One other item from the PiXL Club main conference that I liked was what I have dubbed micro-tracking.

This database is a broad-brush, specification wide tracking system. I intend to supplement it with a range of micro-tracking databases that track students’ success in individual exam questions to track their ability to perform certain skills rather than overall. A revision session on summarising skills for a select group of individuals persistently falling down on that skill will be more effective than a revision session on the OCR Information and Ideas Examination or the iGCSE Paper 1 or 2 which only touches on summarising. The same goes for directed writing skill, analysis skills, language skills, presentational devices responses or imaginative writing.

Additional sheets can be added at any time which could record mock exams on a question-by-question basis and a formula can easily add those up and record them in the main database.

Obviously, getting antiquated and somewhat Luddite staff to actually complete the database is another matter!

Also know as… how to freak Year 11 out!



And then a healthy dollop of cheese!

The Final Countdown!

I have never understood how OCR and other GCSE exam boards manage to moderate Speaking and Listening.

They require seven sheets of paper per teaching group sent to them. The cover sheets contain a description of the task undertaken and a description of the students’ performance to justify the mark given. But that’s it.

Personally, as a teacher, and now as Head of English, I also include the mark sheets I use to award those marks with my own arcane, generally illegible and personal set of underlings, arrows, highlights and annotation. But they have nothing to compare it to. Visiting moderators do attend but so infrequently:I think I recall one in my teaching career. Time after time, our marks are ticked off on a purely paper exercise.

Compare this with the Speaking and Listening moderation for the iGCSE.

They have a set formula to randomise the sample: the first five students by candidate number plus the highest graded student, the lowest graded student and a mid-ranked student. And, because one task is paired, each student has to have a partner not already from the sample. Making a total of 16 for our entry size.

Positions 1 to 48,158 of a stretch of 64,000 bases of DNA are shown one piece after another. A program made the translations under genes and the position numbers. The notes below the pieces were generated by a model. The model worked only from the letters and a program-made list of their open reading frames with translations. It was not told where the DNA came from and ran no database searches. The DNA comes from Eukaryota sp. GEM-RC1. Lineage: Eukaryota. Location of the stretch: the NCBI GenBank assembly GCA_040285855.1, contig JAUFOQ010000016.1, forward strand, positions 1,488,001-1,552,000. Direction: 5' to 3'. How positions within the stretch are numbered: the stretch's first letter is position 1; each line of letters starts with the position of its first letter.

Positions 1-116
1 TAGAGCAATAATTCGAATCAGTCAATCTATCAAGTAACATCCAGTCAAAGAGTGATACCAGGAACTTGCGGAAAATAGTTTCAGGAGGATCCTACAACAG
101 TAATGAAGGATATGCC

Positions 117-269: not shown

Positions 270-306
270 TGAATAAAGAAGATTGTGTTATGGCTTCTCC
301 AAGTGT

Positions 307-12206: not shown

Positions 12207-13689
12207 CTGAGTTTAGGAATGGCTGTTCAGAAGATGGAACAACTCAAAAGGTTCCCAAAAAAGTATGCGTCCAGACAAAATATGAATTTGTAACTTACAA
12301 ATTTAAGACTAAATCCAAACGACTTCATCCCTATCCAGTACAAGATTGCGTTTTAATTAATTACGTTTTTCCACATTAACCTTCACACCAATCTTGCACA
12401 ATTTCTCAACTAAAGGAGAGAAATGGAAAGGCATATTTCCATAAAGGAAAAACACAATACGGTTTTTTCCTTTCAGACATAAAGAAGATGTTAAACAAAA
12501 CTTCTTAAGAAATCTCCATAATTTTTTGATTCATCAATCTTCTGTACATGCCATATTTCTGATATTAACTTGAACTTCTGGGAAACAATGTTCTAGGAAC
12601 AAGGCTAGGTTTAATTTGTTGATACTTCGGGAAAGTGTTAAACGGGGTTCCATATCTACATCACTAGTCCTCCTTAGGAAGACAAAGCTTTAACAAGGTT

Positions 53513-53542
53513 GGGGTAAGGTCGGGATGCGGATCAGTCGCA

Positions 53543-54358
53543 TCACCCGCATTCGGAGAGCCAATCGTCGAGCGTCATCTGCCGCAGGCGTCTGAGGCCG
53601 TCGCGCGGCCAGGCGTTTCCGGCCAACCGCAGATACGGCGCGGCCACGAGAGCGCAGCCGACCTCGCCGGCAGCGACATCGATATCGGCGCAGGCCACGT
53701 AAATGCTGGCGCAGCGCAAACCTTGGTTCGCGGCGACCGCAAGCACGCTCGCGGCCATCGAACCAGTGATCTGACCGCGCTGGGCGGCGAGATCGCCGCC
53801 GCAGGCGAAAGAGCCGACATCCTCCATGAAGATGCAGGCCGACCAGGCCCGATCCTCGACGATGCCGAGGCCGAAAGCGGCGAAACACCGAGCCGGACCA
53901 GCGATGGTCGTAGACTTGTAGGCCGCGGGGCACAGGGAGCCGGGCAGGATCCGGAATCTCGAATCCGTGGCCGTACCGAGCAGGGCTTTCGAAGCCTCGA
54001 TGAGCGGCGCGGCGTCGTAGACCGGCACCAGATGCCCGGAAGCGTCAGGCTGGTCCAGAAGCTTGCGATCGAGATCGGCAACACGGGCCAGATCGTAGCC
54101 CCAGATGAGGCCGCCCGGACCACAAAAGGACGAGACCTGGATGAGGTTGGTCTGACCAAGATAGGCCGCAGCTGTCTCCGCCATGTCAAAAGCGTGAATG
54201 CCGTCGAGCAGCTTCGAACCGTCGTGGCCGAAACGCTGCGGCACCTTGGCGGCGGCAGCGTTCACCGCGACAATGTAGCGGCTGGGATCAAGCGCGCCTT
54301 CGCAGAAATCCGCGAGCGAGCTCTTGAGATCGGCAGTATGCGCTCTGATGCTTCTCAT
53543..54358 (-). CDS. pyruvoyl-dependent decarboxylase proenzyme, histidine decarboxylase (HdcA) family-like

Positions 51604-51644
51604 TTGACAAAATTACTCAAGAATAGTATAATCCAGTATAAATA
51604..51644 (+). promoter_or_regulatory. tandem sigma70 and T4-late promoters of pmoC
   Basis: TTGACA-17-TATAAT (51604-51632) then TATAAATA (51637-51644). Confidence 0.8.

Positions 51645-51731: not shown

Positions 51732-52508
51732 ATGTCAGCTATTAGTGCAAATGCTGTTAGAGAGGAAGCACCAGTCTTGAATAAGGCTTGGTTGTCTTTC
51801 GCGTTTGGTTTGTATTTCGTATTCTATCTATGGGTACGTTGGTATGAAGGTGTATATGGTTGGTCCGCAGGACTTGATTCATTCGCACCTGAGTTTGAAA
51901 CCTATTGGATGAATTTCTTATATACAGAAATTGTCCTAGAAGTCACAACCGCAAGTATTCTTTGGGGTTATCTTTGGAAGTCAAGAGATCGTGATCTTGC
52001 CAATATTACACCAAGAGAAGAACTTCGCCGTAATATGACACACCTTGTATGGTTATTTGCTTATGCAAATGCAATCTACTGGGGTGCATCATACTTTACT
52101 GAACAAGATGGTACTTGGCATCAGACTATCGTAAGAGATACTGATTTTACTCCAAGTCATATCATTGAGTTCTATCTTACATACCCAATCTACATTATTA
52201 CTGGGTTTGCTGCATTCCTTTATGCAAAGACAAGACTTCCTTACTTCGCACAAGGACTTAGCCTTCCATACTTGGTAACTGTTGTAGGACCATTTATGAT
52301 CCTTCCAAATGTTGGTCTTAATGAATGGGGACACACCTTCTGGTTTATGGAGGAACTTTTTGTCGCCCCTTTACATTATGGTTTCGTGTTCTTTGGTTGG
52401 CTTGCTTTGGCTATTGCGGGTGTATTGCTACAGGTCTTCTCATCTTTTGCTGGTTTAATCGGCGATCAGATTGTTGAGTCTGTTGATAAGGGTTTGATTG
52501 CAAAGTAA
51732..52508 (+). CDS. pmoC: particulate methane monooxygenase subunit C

There is, as always, an OMR form to complete for a computer to be able to read students’ score and a cover sheet to record what these students have done.

But CIE also require a CD of these students’ performance in an individual and paired activity.

I like that!

Genuine moderation.

The way we conducted it was to take a day, give each student a time slot and do it all in a day. Instead of our historic practice of performing in front of the class – thereby having 25 odd students having very little to do – they performed to myself and a member of SLT who also teaches English.

It’s a format that students are familiar with: it’s how MFL do their Speaking work. And they really did rise to the challenge! Shyer students were freed up from the intimidation of the whole-class audience; less “engaged” students raised their game in response to being withdrawn from other lessons, in response to having two senior teachers listening; and we were able to moderate and chat about the marking as we went through.

It did feel a little like being a judge on Britain’s Got Talent – I really wanted a big red buzzer – and it was a long and quite intense day. But a jolly successful one which bears embedding into Departmental practice.

Being late entering for the iGCSE hasn’t helped: we were really butting against deadlines with this. However, we now also have the video of these performances… what a jolly useful standardisation tool for future years!

We have inherited a situation where our Year 11s have a high percentage studying an English specification rather than a Language/Literature course. The English specification has historically (by which I mean last year ) had very low A*-C grade results so we are looking at how to insulate them against a repeat of the 2012 GCSE Fiasco. Insofar as that is possible.

What we have found is an Edexcel GCSE-equivalent level 2 qualification which has no Controlled Assessments and two exams. The exams focus on the following:

Paper One:

Romeo and Juliet; and
Of Mice And Men.

Both of which we have covered in the English course.

Paper Two:

Unseen poetry or prose; and
Anthology poetry.

Both of these are papers that our kids could have a decent attempt at, not affected by a lack of Controlled Assessment. I do worry that the subject is deemed to be reducible to a three month blitz – I live and breathe Literature and want that enrichment to be part of my students’ life.

The Edexcel course is really just there to validate the iGCSE First Language English course 0522. We’re eschewing the Coursework element in favour of the two exams.